The second is cleanliness and tidiness. We Filipinos like to keep ourselves and our surroundings clean and neat, and it’s important that we do this by ourselves. Growing up as children, our day literally began by folding our mats and mosquito nets; even if we didn’t have much, we never saw poverty as an excuse for becoming slovenly. Want to promote democracy? Teach the se?orito to clean up after himself; forget any thoughts of achieving national greatness if we can’t even discipline ourselves.

Knowing Ray and seeing what a wonderful family he has, I know that I’m not shouting in the wind when I bring up these notions. I wish he’d vote for Hillary, but that’s another topic for another day.

Penman No. 136: Back to the BlackBerry (Sort of)

IMG_6926Penman for Monday, February 16, 2015

 

THIS MONDAY, I’m going to take a break (and give my readers one as well) from my ponderous ruminations on Philippine culture and politics and revert from PenMan to GadgetBoy, that now-overaged fancier of technotoys who still nurses a na?ve faith in technology as the savior of humanity, or at least the bringer of boxed delights.

One of those boxes (in matte black, natch) came my way last month on my US trip, when—shortly before my departure—I discovered that the LG clamshell that I had been using as my US Verizon phone had finally died, refusing to boot up after four years of faithful employment. I’m in the US at least once a year to visit family and attend conferences, so a dedicated US phone has been good to have, which I simply load with prepaid credit when I go there.

Like human life itself, the eventual death of anything digital is a foregone conclusion, but in the case of these gadgets, it’s a passing not necessarily met with lamentation; rather, it’s cause for relief and release, making possible that word that brings joy and profit to every technotoy maker’s heart, “Upgrade!” I was frankly glad to see the little LG go; it was SIM-less and locked to Verizon, and I wanted a US phone that I could use somewhere else. (My iPhone 6 is unlocked, but as my local mainstay, I can’t afford to switch it over to another network while I’m away. Note to Apple: how about a dual-SIM iPhone?)

Enter—or rather re-enter—the BlackBerry. The BlackBerry? Remember, that once-upon-a-time smartphone market leader and innovator, the darling of the business and political crowd? For those born around the time when the world worried not about ISIS but Y2K, the emergence of the BlackBerry and its kickass keypad tore us away from our beloved Palm Pilots and Treos… until the iPhone came along in 2007 and rendered everything else instantly obsolete. (Of course, the iPhone itself has since been periodically upstaged by some Android upstart or other—until the new iPhoneX is announced.)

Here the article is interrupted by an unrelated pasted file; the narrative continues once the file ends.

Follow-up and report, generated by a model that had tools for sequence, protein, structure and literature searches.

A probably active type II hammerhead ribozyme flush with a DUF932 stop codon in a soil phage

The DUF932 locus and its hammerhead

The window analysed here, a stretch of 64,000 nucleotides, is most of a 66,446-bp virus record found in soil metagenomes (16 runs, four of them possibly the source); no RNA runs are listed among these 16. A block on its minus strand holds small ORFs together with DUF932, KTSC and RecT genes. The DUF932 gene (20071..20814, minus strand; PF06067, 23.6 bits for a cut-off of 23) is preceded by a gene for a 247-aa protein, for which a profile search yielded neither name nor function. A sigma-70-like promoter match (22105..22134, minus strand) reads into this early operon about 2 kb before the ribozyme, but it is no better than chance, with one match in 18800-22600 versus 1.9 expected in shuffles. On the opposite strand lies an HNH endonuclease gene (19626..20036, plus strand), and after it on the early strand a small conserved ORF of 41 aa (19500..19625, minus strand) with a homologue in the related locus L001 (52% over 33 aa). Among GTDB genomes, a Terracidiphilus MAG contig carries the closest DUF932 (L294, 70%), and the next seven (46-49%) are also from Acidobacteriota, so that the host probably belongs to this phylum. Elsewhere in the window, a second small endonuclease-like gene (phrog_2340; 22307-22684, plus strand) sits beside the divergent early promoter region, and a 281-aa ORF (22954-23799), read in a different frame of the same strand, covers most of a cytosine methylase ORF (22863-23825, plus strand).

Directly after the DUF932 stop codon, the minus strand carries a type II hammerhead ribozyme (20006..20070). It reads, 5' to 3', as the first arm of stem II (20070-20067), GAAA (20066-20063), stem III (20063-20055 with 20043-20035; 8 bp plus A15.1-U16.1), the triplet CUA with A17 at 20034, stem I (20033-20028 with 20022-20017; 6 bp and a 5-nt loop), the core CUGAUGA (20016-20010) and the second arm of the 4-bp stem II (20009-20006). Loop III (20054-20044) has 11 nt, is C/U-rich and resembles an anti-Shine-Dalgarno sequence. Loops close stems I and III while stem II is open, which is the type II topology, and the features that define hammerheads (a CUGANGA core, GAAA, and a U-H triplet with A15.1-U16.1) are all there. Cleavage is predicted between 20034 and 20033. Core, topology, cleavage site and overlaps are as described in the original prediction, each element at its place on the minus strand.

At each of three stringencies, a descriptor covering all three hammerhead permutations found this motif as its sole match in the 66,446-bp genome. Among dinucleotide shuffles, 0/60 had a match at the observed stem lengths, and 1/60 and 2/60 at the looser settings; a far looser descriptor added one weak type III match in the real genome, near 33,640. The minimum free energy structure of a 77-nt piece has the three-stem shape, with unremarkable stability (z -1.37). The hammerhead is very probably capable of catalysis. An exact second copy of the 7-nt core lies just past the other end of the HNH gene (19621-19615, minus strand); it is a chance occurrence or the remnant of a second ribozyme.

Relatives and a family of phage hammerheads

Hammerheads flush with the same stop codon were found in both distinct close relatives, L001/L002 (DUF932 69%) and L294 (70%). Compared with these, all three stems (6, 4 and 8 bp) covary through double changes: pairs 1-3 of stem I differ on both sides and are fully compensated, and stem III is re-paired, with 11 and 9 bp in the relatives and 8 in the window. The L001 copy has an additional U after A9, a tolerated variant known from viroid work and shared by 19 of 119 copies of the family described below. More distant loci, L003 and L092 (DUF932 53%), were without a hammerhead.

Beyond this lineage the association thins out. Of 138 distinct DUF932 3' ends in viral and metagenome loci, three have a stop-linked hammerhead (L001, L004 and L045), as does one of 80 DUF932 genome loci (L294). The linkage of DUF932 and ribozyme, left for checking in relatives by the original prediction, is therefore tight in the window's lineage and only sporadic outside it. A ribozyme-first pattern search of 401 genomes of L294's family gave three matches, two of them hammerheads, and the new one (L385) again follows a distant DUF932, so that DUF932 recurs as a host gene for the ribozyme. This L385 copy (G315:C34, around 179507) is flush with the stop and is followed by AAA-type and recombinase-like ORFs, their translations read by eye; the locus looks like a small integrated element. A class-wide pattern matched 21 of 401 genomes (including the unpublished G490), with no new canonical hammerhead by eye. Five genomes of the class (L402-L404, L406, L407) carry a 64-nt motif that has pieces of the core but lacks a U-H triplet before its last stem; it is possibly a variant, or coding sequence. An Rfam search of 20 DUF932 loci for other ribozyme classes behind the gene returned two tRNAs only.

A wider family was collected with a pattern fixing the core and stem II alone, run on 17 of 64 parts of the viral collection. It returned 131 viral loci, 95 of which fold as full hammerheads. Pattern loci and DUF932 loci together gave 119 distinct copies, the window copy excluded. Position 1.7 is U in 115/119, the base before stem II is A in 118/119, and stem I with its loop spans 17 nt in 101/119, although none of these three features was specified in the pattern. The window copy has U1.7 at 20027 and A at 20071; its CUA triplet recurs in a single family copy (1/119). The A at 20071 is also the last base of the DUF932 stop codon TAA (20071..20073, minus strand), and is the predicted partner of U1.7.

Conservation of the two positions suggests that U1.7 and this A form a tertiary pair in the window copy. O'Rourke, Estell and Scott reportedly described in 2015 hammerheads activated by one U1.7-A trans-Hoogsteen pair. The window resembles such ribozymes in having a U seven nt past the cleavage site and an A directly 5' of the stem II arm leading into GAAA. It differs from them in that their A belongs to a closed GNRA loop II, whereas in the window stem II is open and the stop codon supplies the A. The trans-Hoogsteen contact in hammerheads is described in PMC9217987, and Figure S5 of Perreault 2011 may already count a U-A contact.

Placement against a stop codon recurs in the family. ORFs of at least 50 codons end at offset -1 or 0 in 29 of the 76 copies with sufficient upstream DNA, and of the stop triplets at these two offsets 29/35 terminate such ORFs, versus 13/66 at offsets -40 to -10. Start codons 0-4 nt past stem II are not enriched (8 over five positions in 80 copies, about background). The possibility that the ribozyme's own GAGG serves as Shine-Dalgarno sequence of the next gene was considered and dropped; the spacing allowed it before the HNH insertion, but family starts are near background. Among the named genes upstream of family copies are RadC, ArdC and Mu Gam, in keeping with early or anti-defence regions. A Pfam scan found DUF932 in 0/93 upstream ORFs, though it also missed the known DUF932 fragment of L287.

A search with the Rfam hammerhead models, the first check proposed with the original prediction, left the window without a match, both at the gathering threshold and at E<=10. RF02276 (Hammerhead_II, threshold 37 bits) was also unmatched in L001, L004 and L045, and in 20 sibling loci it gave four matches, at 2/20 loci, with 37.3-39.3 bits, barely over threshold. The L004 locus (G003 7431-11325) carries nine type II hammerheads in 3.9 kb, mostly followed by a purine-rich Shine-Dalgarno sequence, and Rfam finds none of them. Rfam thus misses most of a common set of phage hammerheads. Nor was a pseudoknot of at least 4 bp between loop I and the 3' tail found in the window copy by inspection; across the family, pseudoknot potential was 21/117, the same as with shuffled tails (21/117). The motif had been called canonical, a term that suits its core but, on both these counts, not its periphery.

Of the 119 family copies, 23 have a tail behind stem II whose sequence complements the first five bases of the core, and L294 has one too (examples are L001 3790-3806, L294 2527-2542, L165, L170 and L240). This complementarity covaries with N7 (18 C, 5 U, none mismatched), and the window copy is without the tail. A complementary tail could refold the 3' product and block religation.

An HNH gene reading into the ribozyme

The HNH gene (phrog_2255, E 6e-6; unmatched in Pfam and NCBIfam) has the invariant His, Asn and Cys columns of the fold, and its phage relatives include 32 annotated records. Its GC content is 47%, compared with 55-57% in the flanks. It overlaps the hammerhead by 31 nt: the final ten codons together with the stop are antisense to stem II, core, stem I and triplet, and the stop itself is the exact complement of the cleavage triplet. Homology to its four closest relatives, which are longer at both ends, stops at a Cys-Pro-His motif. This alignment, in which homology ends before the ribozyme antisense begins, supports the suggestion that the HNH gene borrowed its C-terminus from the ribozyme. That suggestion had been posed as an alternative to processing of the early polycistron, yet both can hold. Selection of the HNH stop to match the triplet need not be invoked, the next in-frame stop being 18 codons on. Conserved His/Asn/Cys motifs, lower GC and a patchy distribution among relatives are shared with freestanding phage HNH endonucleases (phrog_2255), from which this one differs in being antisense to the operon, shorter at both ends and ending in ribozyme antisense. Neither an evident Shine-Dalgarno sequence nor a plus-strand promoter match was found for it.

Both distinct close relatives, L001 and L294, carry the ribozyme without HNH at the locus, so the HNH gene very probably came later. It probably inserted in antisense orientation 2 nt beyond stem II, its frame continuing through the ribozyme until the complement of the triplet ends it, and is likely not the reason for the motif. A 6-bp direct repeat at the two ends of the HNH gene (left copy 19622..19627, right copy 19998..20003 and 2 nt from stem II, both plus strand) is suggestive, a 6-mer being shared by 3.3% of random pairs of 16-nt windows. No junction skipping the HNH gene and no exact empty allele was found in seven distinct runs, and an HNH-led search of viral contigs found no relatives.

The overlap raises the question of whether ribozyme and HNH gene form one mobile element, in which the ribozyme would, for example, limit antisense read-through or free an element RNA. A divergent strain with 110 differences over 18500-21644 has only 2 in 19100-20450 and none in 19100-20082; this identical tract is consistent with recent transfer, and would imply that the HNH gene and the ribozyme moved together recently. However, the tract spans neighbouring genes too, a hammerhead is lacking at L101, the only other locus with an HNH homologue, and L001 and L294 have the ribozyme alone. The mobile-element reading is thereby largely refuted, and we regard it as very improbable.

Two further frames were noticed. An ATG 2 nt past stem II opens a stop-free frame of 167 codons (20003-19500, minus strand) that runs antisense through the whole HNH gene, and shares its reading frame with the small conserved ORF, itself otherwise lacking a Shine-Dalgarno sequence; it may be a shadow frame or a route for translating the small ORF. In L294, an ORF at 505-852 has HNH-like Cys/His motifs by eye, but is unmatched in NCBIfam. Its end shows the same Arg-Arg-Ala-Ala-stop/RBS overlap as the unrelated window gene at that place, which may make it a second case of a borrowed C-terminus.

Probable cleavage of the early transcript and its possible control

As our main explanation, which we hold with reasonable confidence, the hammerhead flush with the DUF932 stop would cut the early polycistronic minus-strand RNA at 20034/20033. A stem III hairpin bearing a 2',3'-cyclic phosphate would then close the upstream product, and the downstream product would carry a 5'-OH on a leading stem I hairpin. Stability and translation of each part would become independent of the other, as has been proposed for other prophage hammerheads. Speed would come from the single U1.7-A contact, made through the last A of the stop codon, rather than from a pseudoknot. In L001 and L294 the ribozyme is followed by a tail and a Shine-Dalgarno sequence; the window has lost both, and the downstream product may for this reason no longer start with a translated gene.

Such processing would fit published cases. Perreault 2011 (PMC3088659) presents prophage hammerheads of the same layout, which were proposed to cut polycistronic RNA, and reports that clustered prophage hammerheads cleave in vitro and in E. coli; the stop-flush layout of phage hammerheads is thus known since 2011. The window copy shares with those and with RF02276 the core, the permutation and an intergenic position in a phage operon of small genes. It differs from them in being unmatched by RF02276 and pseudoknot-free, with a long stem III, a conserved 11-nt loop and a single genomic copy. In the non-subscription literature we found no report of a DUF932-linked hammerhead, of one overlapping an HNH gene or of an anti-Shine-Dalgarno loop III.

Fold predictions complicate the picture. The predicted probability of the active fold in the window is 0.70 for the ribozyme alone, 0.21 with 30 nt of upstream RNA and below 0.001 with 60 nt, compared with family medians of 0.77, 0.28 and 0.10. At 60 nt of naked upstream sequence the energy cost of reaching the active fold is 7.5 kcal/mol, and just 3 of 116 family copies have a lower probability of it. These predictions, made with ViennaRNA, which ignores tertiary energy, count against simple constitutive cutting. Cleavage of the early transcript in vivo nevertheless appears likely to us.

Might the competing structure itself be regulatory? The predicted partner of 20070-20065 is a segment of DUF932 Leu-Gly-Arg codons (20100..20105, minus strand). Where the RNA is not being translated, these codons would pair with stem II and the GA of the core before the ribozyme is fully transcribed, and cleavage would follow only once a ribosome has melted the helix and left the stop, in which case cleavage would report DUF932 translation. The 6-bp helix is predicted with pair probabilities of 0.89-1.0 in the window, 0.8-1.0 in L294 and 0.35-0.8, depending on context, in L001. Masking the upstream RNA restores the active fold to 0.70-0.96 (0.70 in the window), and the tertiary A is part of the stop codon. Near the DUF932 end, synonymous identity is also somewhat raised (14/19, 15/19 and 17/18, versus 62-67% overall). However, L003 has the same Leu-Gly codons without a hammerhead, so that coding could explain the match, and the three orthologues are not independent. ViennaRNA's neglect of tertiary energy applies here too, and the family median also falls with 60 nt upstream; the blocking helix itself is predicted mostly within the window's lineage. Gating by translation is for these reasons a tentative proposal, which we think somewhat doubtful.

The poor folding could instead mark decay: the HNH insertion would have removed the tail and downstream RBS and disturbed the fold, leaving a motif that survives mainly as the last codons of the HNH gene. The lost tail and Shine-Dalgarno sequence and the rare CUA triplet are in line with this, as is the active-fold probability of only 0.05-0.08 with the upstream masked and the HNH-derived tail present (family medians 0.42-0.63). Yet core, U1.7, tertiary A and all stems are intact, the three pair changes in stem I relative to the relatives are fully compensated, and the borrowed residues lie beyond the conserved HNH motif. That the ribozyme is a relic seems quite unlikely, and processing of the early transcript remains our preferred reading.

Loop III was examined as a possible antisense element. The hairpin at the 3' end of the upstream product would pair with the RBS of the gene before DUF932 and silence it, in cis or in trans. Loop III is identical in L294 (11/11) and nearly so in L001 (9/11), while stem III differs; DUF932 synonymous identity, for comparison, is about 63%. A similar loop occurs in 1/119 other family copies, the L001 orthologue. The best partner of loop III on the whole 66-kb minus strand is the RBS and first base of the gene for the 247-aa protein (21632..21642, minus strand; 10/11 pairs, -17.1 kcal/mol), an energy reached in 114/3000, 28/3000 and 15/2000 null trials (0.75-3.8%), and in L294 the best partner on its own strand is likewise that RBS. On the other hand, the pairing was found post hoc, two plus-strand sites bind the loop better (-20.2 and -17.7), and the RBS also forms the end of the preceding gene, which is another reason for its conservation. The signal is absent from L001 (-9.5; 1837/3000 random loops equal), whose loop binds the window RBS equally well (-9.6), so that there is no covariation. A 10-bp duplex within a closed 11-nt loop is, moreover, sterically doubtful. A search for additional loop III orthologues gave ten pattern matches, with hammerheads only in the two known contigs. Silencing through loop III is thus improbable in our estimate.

So the BlackBerry and its shares of stock have languished in the dumps, experiencing a momentary spike only when rumors of a buyout (recently, supposedly by Samsung) skitter through the Web. Which brings up the obvious question: why would anyone still want to get a BB?

That was No. 1 on the mind of BlackBerry CEO John Chen, who in mid-December boldly announced the release of the company’s latest model, the BlackBerry Classic—or I should say, latest but not quite. The BB Classic is premised on the idea that the BlackBerry got to where it did because it stuck true to its most prominent design feature—the physical keypad—and that people still long for solid keys to punch rather than pecking away like mad chickens on a flat screen.

It’s a bold gamble, an appeal to our deepest retro urges, and the design of the Classic revives and reinforces everything we felt about the BlackBerry of old. The Classic, said John Chen, would bring back the old BB faithful who had deserted the platform for the iPhone and Android, typically the more mature business user who felt more comfortable with the tactile keypad, who didn’t mind if their phone came only in black, and who valued security in communications (note that Sony executives hit hard by the Interview hack resorted to BlackBerrys for their fallback). I listened to Chen saying all this to CNN’s Richard Quest and found myself mesmerized—yes, that business user was me, I’d been away from the BB too long, and I missed that keypad like my first serious girlfriend.

Convinced that I needed a new US phone anyway, I ordered an unlocked Classic off Amazon, and had it delivered to my daughter in California in time for my arrival in the US in mid-January. I got a T-Mobile prepaid nanoSIM and a 128GB SanDisk microSD card to complete the package, and was back in BlackBerry heaven.

Sort of. As a phone, the Classic is everything Chen touted it to be—rock-solid, a delight to use, and by far the best in its class (given that it’s a class that graduated six or seven years ago). Externally, it’s the bigger brother of the old BB Bold 9XXX, with the familiar belt, trackpad, and keypad, the square screen, and the rounded corners. It’s a bit heavier than the iPhone, but I don’t mind—my one complaint about the IP6 was that it was so thin I kept panicking to think it was lost. It’s perfect for one-handed operation. The screen is sharp and crisp, the sound is good, and with System 10, you don’t need to go through the old BIS provisioning routine—it’s plug and play.